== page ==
"To do really cool things in the field of computer communications and make a buck at it."

-- The mission statement of Galacticomm, a developer of multi-user bulletin-board software based in Fort Lauderdale, Fla., and a company that believes you don't need to spend thousands of dollars, hire consultants, and form management committees to write the perfect mission statement

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Anyone who starts a business needs a survival kit, and here's an item I'd be sure to include: 101 Business Ratios (McLane Publications, Scottsdale, Ariz., 1993, $24.95), by Sheldon Gates, the founder and former president of Jensen Tools. It's one of the best introductions to managerial finance I've come across. Gates begins with a lucid discussion of the uses of business ratios and goes on to present 101 of them, organized around six themes -- sales, profit, debt and capital, efficiency, marketing, and investment. The selection is broad, ranging from the tried-and-true (return on assets, sales per employee, current ratio) to the more offbeat (affordable growth rate, the Doomsday ratio, the Olympic model). The concluding chapters explain how to come up with the numbers required to calculate the ratios and, equally important, how to compare your company's ratios with those of similar businesses.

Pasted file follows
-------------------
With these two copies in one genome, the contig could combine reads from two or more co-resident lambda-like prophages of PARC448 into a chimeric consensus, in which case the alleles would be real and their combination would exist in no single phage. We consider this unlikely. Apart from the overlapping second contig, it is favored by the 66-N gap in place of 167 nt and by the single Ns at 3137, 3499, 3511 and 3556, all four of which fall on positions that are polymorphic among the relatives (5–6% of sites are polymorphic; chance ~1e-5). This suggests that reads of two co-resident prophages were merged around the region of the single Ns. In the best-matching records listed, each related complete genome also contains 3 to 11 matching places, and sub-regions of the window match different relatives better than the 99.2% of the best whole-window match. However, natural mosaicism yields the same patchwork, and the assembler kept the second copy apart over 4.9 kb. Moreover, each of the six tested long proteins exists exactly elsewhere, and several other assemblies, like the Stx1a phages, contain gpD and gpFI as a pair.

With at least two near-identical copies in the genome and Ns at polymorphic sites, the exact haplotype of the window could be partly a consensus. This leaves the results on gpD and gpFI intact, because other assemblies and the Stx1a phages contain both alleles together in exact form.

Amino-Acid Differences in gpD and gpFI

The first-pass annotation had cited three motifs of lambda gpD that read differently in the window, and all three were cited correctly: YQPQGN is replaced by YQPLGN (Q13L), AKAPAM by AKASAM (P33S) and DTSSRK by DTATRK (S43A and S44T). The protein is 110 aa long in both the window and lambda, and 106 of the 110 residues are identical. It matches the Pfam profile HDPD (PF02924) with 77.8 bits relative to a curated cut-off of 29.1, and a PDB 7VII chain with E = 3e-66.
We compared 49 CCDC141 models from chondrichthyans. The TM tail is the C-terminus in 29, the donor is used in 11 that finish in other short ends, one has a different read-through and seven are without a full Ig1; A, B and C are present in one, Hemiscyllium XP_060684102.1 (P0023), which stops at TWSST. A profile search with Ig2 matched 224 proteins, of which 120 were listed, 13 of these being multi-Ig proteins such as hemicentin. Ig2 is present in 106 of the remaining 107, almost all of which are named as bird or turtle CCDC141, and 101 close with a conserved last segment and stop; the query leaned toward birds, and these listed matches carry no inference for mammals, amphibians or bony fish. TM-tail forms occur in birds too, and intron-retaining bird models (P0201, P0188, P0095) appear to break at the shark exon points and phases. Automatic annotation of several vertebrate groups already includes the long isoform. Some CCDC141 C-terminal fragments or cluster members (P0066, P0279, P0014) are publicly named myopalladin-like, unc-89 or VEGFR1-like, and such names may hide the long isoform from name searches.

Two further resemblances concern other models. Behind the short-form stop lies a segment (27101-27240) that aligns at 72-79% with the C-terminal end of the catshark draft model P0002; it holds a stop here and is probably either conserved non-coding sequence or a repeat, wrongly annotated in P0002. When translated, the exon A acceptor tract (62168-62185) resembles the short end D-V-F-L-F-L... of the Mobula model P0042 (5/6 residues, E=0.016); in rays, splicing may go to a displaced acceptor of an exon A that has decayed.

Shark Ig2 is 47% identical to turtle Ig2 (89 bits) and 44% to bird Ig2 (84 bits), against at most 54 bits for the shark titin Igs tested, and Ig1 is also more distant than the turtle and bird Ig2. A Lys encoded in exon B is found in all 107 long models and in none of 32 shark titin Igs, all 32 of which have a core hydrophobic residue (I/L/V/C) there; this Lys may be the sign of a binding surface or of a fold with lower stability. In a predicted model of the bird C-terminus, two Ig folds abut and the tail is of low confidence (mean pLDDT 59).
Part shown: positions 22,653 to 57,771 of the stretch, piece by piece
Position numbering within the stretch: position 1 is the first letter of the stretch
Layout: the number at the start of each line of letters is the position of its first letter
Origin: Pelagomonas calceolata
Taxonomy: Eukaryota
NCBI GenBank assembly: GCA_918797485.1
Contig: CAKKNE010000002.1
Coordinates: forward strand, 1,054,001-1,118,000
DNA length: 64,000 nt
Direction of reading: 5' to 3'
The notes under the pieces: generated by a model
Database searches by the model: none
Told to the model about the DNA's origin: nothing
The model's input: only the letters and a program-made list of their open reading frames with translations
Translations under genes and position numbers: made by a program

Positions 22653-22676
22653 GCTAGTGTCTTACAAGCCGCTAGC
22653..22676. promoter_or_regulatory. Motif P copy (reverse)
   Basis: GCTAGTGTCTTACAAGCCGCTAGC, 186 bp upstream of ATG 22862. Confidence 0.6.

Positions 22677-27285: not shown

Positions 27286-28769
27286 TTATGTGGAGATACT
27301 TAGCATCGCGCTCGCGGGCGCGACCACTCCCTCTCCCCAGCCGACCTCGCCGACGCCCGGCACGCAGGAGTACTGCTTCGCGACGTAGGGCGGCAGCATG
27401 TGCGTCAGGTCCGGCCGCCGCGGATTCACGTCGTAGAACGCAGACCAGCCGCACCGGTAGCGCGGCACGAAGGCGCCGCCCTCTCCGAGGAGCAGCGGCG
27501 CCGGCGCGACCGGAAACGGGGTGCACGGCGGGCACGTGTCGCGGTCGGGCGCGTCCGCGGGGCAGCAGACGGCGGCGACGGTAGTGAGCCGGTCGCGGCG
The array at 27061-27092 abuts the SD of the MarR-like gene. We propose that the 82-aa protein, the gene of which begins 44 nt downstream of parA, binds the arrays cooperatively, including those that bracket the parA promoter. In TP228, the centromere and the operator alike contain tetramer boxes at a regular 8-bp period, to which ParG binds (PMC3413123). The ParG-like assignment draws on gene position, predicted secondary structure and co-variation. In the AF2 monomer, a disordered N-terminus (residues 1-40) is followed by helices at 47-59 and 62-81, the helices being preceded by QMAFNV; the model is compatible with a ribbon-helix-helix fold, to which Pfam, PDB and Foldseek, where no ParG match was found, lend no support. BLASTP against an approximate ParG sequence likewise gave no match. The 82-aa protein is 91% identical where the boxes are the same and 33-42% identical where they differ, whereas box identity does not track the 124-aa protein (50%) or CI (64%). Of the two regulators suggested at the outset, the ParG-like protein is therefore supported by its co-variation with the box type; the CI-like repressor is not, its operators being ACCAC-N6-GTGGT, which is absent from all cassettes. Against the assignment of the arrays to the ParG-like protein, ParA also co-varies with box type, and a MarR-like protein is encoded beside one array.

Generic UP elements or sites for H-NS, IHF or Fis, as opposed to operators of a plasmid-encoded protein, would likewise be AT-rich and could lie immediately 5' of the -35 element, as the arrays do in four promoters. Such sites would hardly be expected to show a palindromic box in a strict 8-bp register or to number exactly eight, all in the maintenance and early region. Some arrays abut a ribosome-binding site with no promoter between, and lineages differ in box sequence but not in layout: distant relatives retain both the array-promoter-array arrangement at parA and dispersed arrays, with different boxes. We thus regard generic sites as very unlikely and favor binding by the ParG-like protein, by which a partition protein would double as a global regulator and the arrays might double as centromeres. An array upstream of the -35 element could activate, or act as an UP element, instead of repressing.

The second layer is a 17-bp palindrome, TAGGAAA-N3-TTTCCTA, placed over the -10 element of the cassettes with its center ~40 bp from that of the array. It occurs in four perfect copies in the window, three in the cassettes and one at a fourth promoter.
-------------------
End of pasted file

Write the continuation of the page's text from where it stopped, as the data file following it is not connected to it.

By the way, the Doomsday ratio is cash divided by current liabilities. If yours is zero, you are probably playing it a little too close to the edge.

You can order 101 Business Ratios from the publisher by calling 800-949-1555; there is a $2 charge for postage and handling.

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